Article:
C.S. Lewis wrote a poem entitled In Praise of Solid People that for many decades has remained a favorite of mine. The opening stanza reads:
Thank God that there are solid folk
Who water flowers and roll the lawn,
And sit and sew and smoke,
And snore all through the summer dawn.
The poem continues to describe such solid folk as ones who “feel the things that all men feel” and who “think in well-worn grooves of thought.” In the poem, Lewis notes that there was once a time he would have scorned the simple lives the solid folk lead. Yet, he learned to appreciate and admire their stability and how, unlike many who suppose themselves to be more enlightened, they are not “fretted by desire.”
I remember back in my early to mid- 20’s that this poem inspired me to write a poem I would call In Praise of the Mundane. That poem was never written. I may have started a line or two, but that was a long time ago and I really cannot recall. However, the title and the idea behind the title have remained in my ethos and general worldview throughout my life.
The word “mundane” is usually associated in people’s minds with boring or dull. But the word itself comes from French and Latin words that basically refer to what is this-worldly or ordinary. Many things we would consider mundane certainly fall in the category of unexciting. We get up, we go to work, we pay the bills, we engage in routine activities. Not exactly a thrill-ride.
There is something to be said, of course, for working hard as you look forward to your days off or getting a vacation away from it all. We engage in the ordinary so we can, if just for a brief time, enjoy the extraordinary. But what I want to communicate here is that there is something to be said for the mundane. Not all that is mundane is dull or meaningless routine.
Back all those years ago. I used to use the terms “continuities” and “discontinuities” to express my ideas. Continuities have a certain comforting familiarity about them that give our lives some stability and peace. Continuities would align with things we could call the mundane. “Discontinuities” are those unexpected things that come along outside the ordinary ebb and flow of living.
No one likes bad discontinuities—a job loss, tragedy, divorce, disease, etc. But I have observed throughout my life that some people thrive on discontinuities that they perceive are to be preferred to the dull, predictable continuities of everyday life. Give me something exciting rather than the mundane.
In “praising” the mundane, I do not intend to set up the mundane over the exciting discontinuities of life. As with most things, there is a place and time for both. And that is the point. Life should have a balance of both, each in its proper place.
Another way to think of it is that it is good to have a foundation of familiarities, but also a willingness to venture out into the unfamiliar and expand your world. After all, there is so much wonderful world out there to be discovered.
By familiarities, I refer to those mundane things like familiar places and faces, routines that keep us on track, and those activities we find comforting (like reading a book or taking a walk). The unfamiliar, by contrast, would be most anything that lifts of out of ourselves and challenges our comfortableness.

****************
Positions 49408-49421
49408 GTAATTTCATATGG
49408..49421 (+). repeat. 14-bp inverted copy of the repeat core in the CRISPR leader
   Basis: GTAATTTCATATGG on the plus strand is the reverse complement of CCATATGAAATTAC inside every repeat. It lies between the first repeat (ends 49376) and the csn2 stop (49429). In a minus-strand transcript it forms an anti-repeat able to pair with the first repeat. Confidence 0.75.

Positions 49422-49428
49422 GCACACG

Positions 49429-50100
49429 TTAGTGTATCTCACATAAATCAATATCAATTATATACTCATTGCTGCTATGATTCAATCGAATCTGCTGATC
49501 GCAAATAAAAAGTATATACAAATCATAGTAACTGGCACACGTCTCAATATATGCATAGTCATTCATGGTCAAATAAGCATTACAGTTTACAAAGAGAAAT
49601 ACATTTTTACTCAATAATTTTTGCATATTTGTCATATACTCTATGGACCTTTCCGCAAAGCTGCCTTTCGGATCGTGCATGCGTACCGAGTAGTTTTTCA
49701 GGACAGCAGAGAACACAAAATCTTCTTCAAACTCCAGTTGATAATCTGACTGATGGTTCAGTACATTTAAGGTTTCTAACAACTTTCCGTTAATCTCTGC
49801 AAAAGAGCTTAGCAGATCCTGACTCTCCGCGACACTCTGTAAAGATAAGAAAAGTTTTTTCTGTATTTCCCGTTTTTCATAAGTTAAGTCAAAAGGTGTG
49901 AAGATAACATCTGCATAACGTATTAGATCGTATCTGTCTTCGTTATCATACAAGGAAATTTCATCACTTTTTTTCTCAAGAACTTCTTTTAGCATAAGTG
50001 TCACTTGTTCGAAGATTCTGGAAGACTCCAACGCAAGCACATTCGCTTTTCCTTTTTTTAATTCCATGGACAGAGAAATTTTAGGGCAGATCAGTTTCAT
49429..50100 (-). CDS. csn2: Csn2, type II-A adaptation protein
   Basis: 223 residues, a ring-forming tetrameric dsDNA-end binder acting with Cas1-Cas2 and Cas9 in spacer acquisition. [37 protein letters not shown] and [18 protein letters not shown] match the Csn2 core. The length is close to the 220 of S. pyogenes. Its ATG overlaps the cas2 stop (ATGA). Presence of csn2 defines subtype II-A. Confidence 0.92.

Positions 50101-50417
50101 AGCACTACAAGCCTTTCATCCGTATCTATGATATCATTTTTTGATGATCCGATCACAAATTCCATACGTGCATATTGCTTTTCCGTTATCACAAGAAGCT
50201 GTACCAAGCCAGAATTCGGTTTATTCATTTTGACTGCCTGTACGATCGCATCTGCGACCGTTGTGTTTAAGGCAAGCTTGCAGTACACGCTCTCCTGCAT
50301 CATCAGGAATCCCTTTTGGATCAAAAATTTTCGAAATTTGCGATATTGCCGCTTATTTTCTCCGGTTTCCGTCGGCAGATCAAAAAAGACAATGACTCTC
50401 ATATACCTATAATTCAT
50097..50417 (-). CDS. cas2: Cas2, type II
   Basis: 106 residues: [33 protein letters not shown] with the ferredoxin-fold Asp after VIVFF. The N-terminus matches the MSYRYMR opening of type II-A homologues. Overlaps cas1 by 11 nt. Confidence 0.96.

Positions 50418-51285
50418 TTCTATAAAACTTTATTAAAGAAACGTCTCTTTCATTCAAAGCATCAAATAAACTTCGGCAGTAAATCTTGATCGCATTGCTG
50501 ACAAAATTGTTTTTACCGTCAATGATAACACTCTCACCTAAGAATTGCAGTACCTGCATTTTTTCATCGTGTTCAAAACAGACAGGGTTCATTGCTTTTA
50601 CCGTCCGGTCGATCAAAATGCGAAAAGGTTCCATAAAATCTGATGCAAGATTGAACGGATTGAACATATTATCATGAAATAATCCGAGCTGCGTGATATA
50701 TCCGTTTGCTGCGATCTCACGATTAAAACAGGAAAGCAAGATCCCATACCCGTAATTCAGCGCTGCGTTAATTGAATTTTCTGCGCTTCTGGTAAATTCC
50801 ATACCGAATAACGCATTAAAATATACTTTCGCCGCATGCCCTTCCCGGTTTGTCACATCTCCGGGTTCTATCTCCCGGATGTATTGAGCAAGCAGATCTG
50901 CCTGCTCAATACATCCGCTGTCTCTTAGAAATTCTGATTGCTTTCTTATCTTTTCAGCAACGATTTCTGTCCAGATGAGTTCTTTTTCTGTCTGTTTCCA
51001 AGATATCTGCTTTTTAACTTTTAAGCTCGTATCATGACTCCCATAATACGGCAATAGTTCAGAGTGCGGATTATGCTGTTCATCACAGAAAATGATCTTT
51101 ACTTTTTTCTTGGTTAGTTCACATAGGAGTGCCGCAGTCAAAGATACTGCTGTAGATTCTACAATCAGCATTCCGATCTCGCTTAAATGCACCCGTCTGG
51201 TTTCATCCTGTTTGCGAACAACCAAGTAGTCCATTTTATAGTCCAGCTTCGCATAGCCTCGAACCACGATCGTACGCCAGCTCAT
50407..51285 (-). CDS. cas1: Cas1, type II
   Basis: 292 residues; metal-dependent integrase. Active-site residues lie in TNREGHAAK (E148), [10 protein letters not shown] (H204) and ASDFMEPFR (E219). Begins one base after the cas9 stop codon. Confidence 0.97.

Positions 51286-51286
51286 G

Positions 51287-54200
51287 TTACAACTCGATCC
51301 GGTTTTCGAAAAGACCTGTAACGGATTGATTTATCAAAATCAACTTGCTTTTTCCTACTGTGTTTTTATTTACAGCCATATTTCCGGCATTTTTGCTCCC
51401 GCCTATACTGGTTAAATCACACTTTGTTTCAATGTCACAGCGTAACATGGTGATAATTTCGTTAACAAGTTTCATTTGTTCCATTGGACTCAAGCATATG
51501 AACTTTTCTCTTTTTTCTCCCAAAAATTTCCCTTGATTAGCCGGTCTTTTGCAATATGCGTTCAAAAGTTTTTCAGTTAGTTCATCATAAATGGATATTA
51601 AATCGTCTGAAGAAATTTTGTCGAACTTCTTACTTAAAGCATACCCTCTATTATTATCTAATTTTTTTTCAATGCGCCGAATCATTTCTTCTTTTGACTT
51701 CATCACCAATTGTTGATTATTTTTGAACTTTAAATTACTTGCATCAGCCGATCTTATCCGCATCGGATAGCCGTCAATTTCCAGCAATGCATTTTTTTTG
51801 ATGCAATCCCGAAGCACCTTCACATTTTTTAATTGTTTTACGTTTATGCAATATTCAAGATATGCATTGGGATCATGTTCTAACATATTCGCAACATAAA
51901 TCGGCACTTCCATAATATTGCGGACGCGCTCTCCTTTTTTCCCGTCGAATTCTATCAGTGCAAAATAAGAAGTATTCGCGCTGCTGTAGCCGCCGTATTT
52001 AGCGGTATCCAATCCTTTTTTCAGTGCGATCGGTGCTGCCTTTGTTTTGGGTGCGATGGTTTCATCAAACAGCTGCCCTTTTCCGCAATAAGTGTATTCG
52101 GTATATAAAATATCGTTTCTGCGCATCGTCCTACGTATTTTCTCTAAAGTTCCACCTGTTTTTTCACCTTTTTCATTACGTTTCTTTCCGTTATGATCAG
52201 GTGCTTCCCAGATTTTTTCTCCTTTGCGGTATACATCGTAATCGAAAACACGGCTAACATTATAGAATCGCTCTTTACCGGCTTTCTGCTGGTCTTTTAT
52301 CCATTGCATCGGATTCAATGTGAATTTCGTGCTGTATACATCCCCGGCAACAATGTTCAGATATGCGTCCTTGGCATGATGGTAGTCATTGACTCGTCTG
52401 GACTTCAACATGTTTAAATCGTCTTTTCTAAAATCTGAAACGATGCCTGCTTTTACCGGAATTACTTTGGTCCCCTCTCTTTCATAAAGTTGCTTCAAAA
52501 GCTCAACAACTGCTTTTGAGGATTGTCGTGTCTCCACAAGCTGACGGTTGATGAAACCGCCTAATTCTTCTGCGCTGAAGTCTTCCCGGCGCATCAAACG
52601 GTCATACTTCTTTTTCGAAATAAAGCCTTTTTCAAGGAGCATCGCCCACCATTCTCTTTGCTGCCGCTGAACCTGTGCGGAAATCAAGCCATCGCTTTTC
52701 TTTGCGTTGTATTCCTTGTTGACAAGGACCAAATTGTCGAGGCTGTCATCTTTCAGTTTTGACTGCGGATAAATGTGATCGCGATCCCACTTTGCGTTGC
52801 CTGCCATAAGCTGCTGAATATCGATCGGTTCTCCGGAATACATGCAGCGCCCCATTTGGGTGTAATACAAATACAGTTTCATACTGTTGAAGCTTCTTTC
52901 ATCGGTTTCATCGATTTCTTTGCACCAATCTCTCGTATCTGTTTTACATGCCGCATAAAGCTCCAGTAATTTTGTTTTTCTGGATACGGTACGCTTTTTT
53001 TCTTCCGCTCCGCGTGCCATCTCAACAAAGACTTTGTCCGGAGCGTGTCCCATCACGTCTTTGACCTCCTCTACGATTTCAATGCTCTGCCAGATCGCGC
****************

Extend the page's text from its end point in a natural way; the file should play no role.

These are the continuities and discontinuities in life. Both do us good.
I would argue, however, that the discontinuities should be tethered and secured to the continuities. Even more, life can flourish and thrive with only continuities and no discontinuities, but the converse is not true. If you have nothing but discontinuities in your life (of either the positive or negative variety), and no continuities, you will likely go insane. Floating in space might be super cool and exciting, but if there is not a ground to which to return and plant your feet, floating in space would be rather terrifying I would think.
Another way to refer to discontinuities would be the “highs and lows” of life. No one likes the lows, but some want nothing but the highs. Zeus forbid they find pleasure in the ordinary! Everything must be new or exciting. All the time.
Look at the blue line as continuities. You are moving ever upward and growing as a human being, but the pace is slow and steady. But if you stay the course, you will look back and see that you have ascended to great heights. Now look at the orange line as discontinuities. If you depend on those for your happiness, you are always going to be up and down. When the good continuities come, you will be on a high. Those can’t be sustained indefinitely, so you go back down. But if you maintain your connection to the blue line, you can derive great pleasure from the high points on the orange line and you can weather and survive the low points.
This is why I praise the mundane. Give me that regular cup of coffee in the morning or a walk in the evening with my love. Give me a book or some music I have listened to a hundred thousand times over, decade after decade. Give me the familiar taste of a garden tomato. If I never have a high again, I am content. Whatever lows may come my way, I will be okay. Your mundane will likely be different from my mundane. Ask your doctor (or your heart) which mundane is right for you. But what mundane you settle into, look for contentment in the ordinary, in the mundane.
Do I want new highs? You bet! There are places I want to travel and things I want to see. There are things I know I will want to do even if I don’t know what they are yet. I want new experiences. You can live a thousand lifetimes and still never experience all that world out there to be discovered. I want to discover as much as my means and abilities will permit.
But I write here in praise of the mundane; to be one of the “solid people” Lewis wrote of. I am happy living in the mundane—the worldly, the earthy. Where my feet find the ground.